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The Farming Sector: History Repeats Itself

Russ Winter

Yesterday morning, fund manager Michael Price spoke on Bloomberg about global demand for agriculture and, without skipping a beat, he mentions that his fund is involved with a scheme to hoard (I mean “warehouse”) two million pounds of coffee.  That went right over Tom Keene’s head, and the conversation shifted to speculating (I mean buying farmland).

Glencore is a huge player in the commodities markets and is undertaking a large IPO today. I should mention right here that Goldman Sachs is calling commodities a sale. This is useful to know as it provides them cover for big league robber baron gaming of these markets.  There are revelations that this firm has effectively cornered the zinc market and is estimated to hold 50-80 percent of inventory. Once again, inventories are ballooning to levels far beyond what the real economy needs or supports. This is reminiscent of the 19th century robber baron age. The only difference is in that era the government wouldn’t bankrupt itself cleaning up the mess left by crooks and kleptocrats. Typically, in the manipulation bust of the robber baron era, most of the damage was confined to the players/speculators involved. This is as it should be.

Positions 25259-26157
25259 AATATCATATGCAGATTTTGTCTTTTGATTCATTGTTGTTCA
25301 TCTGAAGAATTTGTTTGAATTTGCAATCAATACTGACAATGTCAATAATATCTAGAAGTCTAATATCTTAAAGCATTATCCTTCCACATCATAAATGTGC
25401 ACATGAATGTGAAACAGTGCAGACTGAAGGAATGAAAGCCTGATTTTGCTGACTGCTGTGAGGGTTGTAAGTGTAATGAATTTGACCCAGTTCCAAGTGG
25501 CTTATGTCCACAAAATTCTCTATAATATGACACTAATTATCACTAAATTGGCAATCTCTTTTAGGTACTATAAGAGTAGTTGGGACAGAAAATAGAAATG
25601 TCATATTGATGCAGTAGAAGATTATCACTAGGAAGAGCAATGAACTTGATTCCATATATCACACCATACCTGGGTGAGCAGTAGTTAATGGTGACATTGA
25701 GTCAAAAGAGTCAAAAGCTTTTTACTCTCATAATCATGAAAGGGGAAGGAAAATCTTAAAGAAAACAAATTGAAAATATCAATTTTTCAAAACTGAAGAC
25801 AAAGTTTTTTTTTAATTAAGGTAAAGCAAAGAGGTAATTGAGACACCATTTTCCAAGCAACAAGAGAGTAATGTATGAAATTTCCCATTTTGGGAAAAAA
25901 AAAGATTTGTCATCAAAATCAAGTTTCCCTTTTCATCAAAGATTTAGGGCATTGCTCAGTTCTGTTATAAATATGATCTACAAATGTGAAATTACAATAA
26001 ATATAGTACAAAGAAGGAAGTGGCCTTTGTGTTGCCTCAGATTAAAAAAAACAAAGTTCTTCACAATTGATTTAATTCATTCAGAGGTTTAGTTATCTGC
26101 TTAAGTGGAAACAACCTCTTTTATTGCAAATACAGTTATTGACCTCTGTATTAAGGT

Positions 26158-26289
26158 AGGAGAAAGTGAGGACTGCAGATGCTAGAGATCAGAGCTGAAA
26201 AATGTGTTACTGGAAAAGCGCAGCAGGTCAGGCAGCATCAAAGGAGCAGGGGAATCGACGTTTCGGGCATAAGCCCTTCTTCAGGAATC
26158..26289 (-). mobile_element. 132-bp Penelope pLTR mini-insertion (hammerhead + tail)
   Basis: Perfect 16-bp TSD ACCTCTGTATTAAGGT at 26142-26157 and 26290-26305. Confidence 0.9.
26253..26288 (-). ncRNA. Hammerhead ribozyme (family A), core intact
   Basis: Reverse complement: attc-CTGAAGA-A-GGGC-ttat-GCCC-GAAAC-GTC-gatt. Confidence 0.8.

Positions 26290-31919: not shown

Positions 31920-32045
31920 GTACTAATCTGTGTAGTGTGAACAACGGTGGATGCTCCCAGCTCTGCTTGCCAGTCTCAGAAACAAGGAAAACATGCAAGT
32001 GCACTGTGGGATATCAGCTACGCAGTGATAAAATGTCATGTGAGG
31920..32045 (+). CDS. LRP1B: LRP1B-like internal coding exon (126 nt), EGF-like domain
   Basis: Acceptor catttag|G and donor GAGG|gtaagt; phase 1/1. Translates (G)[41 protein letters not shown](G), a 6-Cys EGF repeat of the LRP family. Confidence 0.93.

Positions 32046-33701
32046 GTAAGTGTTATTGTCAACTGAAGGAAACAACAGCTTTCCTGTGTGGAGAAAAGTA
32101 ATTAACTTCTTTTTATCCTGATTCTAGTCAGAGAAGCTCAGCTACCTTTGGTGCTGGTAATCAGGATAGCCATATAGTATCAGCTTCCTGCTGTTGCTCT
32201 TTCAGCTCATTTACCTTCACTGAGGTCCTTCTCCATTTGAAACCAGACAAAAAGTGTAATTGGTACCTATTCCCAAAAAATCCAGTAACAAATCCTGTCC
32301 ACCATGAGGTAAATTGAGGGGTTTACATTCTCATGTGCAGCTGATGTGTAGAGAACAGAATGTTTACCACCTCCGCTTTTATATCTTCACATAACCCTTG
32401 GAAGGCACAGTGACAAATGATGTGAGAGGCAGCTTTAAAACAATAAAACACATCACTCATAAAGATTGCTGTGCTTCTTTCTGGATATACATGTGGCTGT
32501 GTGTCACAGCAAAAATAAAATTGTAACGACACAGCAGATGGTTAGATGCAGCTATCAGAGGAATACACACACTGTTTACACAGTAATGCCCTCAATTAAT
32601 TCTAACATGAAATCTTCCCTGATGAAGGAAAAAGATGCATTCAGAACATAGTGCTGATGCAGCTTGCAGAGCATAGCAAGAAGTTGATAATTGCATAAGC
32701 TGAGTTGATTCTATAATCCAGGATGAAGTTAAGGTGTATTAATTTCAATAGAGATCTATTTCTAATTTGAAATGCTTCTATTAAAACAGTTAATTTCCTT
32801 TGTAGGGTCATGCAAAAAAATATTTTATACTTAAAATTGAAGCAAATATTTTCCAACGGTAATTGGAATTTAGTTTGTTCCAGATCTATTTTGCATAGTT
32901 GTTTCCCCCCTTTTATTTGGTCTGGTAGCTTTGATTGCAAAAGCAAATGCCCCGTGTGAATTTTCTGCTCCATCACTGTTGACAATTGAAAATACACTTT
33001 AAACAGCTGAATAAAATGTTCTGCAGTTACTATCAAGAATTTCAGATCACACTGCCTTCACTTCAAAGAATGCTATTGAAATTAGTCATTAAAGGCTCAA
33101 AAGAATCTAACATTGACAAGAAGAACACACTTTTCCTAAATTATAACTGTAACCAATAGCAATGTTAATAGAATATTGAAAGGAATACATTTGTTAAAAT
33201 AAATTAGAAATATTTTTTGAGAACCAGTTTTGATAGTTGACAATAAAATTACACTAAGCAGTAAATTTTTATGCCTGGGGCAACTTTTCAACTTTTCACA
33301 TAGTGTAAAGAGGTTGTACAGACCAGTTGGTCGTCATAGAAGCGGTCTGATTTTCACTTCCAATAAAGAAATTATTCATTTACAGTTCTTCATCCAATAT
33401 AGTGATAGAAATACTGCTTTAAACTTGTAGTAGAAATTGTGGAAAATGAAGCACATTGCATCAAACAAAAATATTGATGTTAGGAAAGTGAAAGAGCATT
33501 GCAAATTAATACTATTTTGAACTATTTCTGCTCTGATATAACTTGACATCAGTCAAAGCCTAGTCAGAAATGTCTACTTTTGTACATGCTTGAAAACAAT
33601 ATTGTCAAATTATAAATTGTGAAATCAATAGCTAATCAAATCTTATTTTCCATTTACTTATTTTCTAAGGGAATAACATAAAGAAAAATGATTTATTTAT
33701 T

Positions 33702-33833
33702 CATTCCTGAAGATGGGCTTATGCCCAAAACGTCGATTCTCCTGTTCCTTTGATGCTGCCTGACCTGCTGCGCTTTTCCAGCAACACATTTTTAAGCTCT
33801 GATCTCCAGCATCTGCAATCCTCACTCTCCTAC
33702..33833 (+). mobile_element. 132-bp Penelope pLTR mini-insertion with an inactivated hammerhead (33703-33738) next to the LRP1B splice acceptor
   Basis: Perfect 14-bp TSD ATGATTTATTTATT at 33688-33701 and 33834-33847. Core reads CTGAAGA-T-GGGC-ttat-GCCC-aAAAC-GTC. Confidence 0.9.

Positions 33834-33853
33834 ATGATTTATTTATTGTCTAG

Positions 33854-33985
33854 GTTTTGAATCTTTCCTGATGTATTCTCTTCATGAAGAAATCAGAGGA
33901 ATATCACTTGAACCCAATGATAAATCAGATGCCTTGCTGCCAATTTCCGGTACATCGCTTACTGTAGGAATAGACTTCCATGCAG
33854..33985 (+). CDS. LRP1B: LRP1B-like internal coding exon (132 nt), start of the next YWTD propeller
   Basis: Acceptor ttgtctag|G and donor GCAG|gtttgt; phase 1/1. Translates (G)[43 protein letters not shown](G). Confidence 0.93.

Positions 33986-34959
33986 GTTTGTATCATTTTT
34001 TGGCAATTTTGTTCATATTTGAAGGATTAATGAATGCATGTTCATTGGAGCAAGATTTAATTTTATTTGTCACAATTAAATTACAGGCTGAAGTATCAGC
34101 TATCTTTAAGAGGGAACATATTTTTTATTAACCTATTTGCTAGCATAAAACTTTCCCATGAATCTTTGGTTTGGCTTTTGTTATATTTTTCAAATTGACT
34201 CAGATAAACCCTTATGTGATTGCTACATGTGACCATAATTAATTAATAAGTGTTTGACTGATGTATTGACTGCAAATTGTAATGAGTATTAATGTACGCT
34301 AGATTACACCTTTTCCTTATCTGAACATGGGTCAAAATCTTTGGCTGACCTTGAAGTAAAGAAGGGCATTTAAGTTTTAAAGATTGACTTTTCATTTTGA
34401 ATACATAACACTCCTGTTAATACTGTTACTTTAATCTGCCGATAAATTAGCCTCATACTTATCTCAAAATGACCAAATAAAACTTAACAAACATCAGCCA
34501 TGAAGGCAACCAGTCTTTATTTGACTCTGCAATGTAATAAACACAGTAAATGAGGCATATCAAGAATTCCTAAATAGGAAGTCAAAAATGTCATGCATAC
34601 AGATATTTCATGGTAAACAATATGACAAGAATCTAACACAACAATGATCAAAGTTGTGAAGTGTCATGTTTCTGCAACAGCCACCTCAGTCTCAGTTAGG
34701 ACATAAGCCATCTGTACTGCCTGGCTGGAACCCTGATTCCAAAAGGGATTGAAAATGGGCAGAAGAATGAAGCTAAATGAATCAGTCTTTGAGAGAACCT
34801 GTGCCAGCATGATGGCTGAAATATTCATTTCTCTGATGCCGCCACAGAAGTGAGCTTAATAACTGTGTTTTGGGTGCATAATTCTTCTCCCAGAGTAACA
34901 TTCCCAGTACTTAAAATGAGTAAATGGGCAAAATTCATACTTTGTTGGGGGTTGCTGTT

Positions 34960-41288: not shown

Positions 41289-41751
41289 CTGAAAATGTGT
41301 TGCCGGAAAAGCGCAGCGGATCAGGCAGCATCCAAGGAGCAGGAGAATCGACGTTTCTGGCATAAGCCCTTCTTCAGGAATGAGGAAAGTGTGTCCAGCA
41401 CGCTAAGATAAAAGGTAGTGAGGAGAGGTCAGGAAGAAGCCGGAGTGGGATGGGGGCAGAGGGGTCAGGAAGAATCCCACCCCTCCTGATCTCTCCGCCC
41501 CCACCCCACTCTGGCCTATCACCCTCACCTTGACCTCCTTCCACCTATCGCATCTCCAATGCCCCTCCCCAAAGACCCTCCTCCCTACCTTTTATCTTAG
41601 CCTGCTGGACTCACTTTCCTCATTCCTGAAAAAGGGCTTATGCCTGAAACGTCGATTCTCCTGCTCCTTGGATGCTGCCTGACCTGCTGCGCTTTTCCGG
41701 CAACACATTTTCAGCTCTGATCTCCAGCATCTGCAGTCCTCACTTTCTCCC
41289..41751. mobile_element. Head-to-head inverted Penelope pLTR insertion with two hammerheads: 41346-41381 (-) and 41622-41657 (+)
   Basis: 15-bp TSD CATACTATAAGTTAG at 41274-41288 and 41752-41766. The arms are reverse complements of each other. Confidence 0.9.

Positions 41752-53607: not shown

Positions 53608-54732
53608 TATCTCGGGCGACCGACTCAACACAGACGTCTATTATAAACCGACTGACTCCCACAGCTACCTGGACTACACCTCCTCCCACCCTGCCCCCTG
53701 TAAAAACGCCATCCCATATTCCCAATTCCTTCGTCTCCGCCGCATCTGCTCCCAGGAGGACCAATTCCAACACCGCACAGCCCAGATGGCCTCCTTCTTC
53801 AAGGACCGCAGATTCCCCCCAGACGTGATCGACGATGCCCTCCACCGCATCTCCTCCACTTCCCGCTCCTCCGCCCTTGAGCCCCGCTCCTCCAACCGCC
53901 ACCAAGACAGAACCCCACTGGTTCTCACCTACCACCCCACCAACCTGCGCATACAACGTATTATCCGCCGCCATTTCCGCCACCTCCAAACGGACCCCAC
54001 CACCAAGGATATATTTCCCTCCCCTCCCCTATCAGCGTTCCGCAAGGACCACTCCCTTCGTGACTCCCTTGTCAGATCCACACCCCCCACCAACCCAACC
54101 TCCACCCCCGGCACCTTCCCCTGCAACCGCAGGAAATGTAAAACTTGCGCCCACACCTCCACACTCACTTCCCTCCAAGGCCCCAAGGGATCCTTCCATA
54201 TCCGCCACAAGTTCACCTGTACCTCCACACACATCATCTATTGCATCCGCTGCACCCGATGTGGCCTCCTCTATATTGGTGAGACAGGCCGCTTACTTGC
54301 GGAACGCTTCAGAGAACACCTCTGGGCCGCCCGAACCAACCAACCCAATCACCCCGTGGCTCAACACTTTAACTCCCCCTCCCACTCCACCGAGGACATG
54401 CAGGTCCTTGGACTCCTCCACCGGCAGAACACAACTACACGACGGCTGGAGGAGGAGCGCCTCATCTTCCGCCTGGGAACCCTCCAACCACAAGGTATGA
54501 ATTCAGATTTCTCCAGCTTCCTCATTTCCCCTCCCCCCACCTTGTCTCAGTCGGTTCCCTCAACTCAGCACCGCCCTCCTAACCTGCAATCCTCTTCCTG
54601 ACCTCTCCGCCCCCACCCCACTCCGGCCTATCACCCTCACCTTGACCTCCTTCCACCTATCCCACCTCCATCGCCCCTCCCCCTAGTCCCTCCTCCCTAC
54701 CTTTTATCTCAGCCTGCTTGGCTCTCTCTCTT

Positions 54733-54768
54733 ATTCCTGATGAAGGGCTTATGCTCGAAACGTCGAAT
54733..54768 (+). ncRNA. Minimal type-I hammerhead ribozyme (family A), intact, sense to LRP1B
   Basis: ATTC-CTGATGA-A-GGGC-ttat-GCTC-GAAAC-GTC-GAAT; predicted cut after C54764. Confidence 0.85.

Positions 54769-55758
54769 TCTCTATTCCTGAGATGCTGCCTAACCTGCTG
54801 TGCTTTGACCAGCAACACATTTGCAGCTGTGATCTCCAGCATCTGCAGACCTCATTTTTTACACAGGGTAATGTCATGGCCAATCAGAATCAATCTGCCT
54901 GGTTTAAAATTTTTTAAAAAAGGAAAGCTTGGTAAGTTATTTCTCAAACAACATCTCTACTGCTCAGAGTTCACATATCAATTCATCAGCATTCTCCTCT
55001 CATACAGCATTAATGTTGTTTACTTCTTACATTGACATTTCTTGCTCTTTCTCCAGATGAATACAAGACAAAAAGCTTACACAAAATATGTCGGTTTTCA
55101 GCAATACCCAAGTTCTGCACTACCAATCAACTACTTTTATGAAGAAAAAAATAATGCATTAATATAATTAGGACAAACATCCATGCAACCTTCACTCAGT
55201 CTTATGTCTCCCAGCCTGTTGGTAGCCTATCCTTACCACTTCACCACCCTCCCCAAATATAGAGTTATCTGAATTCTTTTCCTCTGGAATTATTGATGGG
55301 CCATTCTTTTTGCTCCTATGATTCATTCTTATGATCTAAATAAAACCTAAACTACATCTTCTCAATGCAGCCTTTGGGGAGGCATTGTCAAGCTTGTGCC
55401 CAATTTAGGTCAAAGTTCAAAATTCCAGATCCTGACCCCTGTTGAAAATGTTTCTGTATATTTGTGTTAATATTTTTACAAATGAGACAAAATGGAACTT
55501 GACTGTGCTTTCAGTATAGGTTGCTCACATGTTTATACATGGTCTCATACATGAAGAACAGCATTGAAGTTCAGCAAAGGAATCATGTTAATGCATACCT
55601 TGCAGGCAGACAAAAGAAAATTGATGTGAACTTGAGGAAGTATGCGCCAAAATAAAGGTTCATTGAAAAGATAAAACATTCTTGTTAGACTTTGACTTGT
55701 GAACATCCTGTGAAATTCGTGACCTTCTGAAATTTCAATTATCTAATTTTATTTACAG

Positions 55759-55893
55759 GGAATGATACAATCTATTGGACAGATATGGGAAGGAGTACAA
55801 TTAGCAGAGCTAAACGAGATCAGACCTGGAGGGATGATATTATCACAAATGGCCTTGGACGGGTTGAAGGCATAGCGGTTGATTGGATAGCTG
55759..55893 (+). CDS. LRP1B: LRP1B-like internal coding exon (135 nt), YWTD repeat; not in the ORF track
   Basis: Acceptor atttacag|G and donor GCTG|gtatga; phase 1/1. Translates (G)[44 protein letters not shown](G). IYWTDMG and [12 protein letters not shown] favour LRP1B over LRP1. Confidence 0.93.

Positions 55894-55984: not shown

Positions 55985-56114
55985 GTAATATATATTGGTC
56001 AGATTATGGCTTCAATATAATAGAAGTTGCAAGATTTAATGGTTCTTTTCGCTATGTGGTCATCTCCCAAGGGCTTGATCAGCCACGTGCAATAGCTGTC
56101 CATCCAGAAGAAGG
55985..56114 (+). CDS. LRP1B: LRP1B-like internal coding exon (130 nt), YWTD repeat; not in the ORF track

london lead inventory

There has been a great deal speculation in farm land and big advanced purchases of fertilizer and equipment to exploit high prices. There are indications that this crowded trade may be about to learn one of life’s lessons. Historically, farming is risky and crops can and do fail.  It is one of the oldest stories in world history. It means farm incomes will fall, perhaps severely.  The USDA just released its weekly planting progress report. Corn planting progress weighed in at only 4 percent  compared with a 5-year historical average of 40 percent.   Top corn producing states, Illinois, Indiana, Kentucky, North Dakota and Ohio, all reported no progress in corn planting over the past week due to the record amounts of precipitation.

Spring wheat planting is still well behind the 5-year historical average of 43 percent with only 10 percent of the 2011 crop planted.  The winter wheat crop condition continues to worsen as more of the crop slipped grade this past week. Of the 2011 crop, only 34 percent is in excellent or good condition, compared with 68 percent one year ago. In 2010, 7 percent of the winter wheat crop was in poor or very poor condition, while 41 percent is in such condition at this time in 2011.  If this persists, we will be left with the worst of everything: very high grain prices, inflation and a wiped-out farm sector.
The CEO of Smithfield Farms, the largest pork producer in the US described the disruptive effects of serious inflation on farmers. Mr. Pope also worries about the impact on farmers, who are leveraging up operations to afford the ever-rising price of land and fertilizer that has resulted from the increased corn demand. “There are record prices for livestock but farmers are exiting the business!” he exclaims. “Why? Farmers know they won’t make money.

farmland value gains

Source: Kansas City Fed

Another Boom-Bust?

farm income spending

This post is reprinted from Russ’s premium service, Russ Winter’s Actionable. Click here to access Russ Winter’s Actionable


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